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Nick's story

Bear attacks are rare, but they do happen

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The importance of this is crucial.

If my son had died that night in such a violent way, I would always have believed he had died in fear and pain. But that would not have been the case. Shock is a wonderful and powerful gift the brain gives to the body, blocking out sensation, shutting down fear. But, of course, it can also be paralyzing. Long after the attack, when I tearfully asked Nick if he was very frightened at the time he said, no.

"I really didn't feel anything," Nick told me.

"I didn't know what was happening. I just tried really hard to go back to sleep. But Mike kept calling me over and over again and shouting - 'Nick just go! Just go Nick!' and so I rolled over and tried to crawl away."

Nick had just turned 11 years old the day before the attack and he weighed 84-pounds. If he had not rolled himself over from his back to his knees, he would never have had a chance of surviving the total of 26 puncture wounds this bear managed to inflict on him before Mike beat him off. Because Mike called him over and over again, it helped to keep Nick from going into shock, and because he gave him an order -go Nick - simple as that was, it created a sense in Nick to try to get away. And so, the wounds that rained down on his little body were not on his stomach but instead all over his thighs, and bottom and hips.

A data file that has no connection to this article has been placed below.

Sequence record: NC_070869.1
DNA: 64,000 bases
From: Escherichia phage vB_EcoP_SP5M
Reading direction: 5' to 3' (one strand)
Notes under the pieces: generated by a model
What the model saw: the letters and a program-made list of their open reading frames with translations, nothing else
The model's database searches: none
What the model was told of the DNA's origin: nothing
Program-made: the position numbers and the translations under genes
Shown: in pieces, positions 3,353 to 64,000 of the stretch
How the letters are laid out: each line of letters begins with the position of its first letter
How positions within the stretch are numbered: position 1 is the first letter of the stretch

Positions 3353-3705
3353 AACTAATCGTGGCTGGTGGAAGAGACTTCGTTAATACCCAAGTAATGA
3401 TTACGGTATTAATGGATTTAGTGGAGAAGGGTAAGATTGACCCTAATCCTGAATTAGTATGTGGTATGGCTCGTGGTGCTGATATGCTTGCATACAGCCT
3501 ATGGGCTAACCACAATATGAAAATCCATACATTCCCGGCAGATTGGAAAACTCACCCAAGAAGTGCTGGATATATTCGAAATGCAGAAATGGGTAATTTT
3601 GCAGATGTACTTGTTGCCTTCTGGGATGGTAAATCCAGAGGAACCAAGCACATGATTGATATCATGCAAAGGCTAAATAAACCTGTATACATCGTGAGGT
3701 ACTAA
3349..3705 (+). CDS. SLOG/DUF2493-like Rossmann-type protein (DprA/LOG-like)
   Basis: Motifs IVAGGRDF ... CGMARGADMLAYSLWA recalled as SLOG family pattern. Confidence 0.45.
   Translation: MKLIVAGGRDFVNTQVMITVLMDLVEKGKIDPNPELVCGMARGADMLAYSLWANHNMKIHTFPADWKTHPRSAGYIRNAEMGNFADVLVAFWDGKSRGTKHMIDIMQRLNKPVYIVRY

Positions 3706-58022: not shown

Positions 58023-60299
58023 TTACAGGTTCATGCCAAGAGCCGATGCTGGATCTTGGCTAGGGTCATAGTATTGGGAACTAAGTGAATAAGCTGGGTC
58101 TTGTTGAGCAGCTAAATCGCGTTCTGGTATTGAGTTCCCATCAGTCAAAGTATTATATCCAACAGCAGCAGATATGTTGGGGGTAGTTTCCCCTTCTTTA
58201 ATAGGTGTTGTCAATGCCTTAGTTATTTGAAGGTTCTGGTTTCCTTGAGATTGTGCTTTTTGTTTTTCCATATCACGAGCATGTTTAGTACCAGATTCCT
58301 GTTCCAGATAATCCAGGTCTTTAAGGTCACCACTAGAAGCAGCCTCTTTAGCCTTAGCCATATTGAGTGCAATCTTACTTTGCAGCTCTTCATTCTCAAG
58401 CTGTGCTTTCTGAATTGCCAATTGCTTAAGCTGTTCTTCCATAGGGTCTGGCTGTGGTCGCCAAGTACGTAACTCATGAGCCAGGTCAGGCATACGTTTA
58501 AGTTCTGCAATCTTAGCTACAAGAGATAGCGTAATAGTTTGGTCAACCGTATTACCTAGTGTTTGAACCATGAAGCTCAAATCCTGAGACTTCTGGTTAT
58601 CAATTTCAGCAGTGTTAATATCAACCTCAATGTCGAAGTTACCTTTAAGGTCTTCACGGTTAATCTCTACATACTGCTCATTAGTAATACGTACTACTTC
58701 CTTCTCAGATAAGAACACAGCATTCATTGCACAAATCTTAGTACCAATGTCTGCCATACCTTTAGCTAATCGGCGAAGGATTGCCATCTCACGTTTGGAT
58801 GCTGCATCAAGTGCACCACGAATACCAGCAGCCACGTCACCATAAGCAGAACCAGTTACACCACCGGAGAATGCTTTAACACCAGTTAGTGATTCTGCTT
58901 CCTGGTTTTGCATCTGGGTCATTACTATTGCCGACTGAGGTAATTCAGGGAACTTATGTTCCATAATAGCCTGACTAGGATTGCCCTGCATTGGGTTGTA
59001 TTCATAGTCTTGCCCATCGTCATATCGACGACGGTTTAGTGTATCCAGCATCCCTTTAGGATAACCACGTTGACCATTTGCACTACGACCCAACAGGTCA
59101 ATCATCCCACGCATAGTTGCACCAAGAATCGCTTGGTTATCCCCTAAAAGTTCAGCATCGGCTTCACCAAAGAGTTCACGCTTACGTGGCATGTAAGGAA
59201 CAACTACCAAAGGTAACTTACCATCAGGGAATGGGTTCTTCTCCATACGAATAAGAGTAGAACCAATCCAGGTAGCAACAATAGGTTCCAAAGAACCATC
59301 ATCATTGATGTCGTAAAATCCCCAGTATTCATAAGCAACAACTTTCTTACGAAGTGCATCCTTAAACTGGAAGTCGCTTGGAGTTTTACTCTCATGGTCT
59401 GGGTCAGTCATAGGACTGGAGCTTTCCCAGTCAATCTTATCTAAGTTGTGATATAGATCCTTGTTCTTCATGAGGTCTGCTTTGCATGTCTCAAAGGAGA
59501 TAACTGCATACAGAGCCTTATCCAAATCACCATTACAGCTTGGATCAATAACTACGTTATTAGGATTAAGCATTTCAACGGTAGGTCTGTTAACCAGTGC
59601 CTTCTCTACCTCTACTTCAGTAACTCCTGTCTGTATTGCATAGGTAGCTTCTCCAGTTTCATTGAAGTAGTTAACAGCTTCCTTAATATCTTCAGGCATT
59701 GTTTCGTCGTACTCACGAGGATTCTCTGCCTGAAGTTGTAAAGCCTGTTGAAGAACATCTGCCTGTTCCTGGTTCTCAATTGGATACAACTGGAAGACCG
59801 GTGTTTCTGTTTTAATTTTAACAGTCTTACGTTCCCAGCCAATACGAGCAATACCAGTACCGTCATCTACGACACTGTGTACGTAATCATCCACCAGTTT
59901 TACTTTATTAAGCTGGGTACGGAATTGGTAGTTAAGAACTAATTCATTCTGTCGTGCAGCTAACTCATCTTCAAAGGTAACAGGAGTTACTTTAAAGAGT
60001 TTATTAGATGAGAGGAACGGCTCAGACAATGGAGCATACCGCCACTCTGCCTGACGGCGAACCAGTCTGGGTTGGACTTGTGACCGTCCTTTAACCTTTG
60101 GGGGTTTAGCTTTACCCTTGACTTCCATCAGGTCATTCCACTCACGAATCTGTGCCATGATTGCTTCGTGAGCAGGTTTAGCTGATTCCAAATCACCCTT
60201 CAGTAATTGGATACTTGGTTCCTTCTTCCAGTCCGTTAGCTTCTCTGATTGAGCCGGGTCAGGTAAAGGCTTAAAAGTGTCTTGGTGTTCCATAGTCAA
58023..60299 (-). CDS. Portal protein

As Mike ran back carrying the paddle towards Nick and the bear he was thankful for the headlamp that he had automatically pulled onto his head as he was getting out of the tent. It meant both hands were free to wield the heavy paddle as a weapon as he approached the raging bear.

Bears have few weaknesses. They are very powerful and strong; they move extremely fast and often kill their victims with a quick swat to the head to break the neck. They can swim and they can climb trees. But in the darkness, their eyes are a bit weak and Mike was able to confuse and partially blind the bear with the headlamp as he rushed towards it landing a mighty blow on its head with the blade side of the paddle. The bear, at that point angry and confused, and likely in pain since the subsequent autopsy showed that the blow had broken blood vessels in its skull, reared up on his hind legs and dropped Nick's body, but not before inflicting a series of deep claw wounds.